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Donovan family relationship with Shell

Extracts from the ebook “John Donovan, Shell’s Nightmare” (now available on Amazon websites globally)

From pages 12, 13 & 14

Extract begins

My families’ relationship with Shell stretches back nearly 60 years.

My father jointly owned a garage in the county of Essex, with new car showrooms and extensive workshop facilities. He held new car franchises for Standard-Triumph and later, for Chrysler.

My sisters (Lynne and Jessie) and I worked for him from the late 1950’s. Myself, initially on a part-time basis, from when I was a 12-year-old schoolboy.

We all worked as petrol pump attendants. There was no self-service in those days. Goodness knows how much lead we inhaled during those early years filling up countless vehicles of all kinds.

It became a family business that quickly expanded into a small group of garages in East London and Essex.

Shell was one of our suppliers and their local man, John Withers,  was a regular visitor.

I left school at 15. I had no interest in education, no qualifications, or any obvious talent.

I served as a relief petrol station manager for Petrofina when I was 17 and three years later, took the tenancy on a Fina petrol station in Colchester, Essex: Britannia Service Station.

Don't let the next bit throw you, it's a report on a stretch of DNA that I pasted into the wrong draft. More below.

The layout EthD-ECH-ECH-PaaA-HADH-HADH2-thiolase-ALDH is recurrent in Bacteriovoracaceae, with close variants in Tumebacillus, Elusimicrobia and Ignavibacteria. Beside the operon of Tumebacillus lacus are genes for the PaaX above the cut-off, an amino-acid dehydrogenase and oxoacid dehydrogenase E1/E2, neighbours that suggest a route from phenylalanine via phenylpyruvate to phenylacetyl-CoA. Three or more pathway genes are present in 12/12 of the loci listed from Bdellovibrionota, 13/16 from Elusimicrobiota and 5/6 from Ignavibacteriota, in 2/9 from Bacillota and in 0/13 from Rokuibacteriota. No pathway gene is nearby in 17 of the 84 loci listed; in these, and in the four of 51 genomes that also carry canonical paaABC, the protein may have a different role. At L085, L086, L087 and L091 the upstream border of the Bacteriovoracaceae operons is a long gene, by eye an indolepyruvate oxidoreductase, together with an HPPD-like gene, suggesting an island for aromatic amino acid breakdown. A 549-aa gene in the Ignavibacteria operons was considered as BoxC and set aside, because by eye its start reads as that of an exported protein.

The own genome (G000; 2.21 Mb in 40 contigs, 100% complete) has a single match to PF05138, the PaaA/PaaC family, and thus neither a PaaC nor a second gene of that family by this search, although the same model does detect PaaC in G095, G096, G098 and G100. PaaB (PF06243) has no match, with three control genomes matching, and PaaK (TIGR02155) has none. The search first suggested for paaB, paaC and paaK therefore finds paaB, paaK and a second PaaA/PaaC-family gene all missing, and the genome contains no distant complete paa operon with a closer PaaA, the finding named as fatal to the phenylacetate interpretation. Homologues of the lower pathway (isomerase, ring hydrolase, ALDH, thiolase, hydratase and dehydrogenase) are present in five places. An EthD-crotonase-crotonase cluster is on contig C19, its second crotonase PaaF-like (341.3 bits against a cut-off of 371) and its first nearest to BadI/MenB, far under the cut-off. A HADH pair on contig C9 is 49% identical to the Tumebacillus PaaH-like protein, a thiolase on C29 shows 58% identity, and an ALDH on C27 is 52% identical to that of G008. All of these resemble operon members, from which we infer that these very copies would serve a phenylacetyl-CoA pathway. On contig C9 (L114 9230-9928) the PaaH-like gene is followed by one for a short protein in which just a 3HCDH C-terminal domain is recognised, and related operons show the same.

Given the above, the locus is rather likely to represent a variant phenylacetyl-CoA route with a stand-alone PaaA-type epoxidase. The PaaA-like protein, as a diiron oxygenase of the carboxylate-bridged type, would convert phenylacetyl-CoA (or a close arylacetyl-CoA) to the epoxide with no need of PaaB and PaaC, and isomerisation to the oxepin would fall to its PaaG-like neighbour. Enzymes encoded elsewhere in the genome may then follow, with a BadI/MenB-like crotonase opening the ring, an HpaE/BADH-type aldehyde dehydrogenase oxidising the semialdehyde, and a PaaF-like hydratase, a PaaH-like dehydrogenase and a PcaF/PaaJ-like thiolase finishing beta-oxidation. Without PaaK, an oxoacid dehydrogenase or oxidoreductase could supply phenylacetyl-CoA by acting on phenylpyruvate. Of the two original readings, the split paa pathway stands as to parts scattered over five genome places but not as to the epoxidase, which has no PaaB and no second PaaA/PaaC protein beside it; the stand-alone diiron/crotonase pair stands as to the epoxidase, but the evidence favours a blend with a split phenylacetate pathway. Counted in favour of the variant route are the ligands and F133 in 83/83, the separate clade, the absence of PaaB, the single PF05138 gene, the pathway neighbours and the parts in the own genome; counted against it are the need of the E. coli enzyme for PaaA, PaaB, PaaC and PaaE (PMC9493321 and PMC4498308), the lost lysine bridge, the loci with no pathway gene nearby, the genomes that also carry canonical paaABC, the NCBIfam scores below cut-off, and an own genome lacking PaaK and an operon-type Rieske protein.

My father suffered long-term ill health resulting from his years serving in the British Army as a regular soldier, including throughout World War 2. He was involved in fighting the Japanese invaders in Burma and received campaign medals and a war disability pension. He was a great admirer of the Gurkha soldiers under his command.

When his health deteriorated, I took over day-to-day management of the garage group with my father in semi-retirement, providing invaluable advice, especially on the creative/marketing front.

We had a genuine flair for devising petrol sales promotions and were delighted to win an award from Chevron for one imaginative competition.

In 1979, with my father’s brother Bob Donovan and a chartered accountant/mathematician friend, Don Redhead (now sadly deceased), we jointly founded a sales promotion company, Don Marketing. It was based in the UK but later had overseas subsidiaries. I was the chief executive and eventually the chairman.

Bob Donovan and our office manager, Valerie Hewitt are shown in a photograph taken in 1979. They were visiting the security printers Rochford Thompson in Newbury, Berks, where one of our high-tech promotions, Freeline Football, was being produced.

We created and supplied marketing campaigns across the retail spectrum. Because of our background, gasoline forecourt promotions were a speciality.

A thirty-minute video from the 1980‘s viewable on YouTube, features a compilation of innovative promotions created by Don Marketing, including instant win forecourt games for Shell. 

My father later played a prominent role in my litigation and campaigning activities against Shell. He passed away in July 2013 at the age of 96. Shell did not have the grace to offer condolences.

I did receive a private message of condolences from a retired very senior person at Shell for which I was very grateful.

Extracts from the John Donovan ebook ends.

EARLIER EXTRACTS

John Donovan, Shell’s nightmare: Genesis

John Donovan, Shell’s nightmare: Süddeutsche Zeitung article

GERMAN TV: John Donovan’s revelations cost Shell billions

ARGUS FSU ENERGY INTERVIEW WITH KREMLIN ATTACK DOG, OLEG MITVOL

How Shell lost its majority stake in Sakhalin II

John Donovan, Group Chairman, Royal Dutch Shell PLC companies

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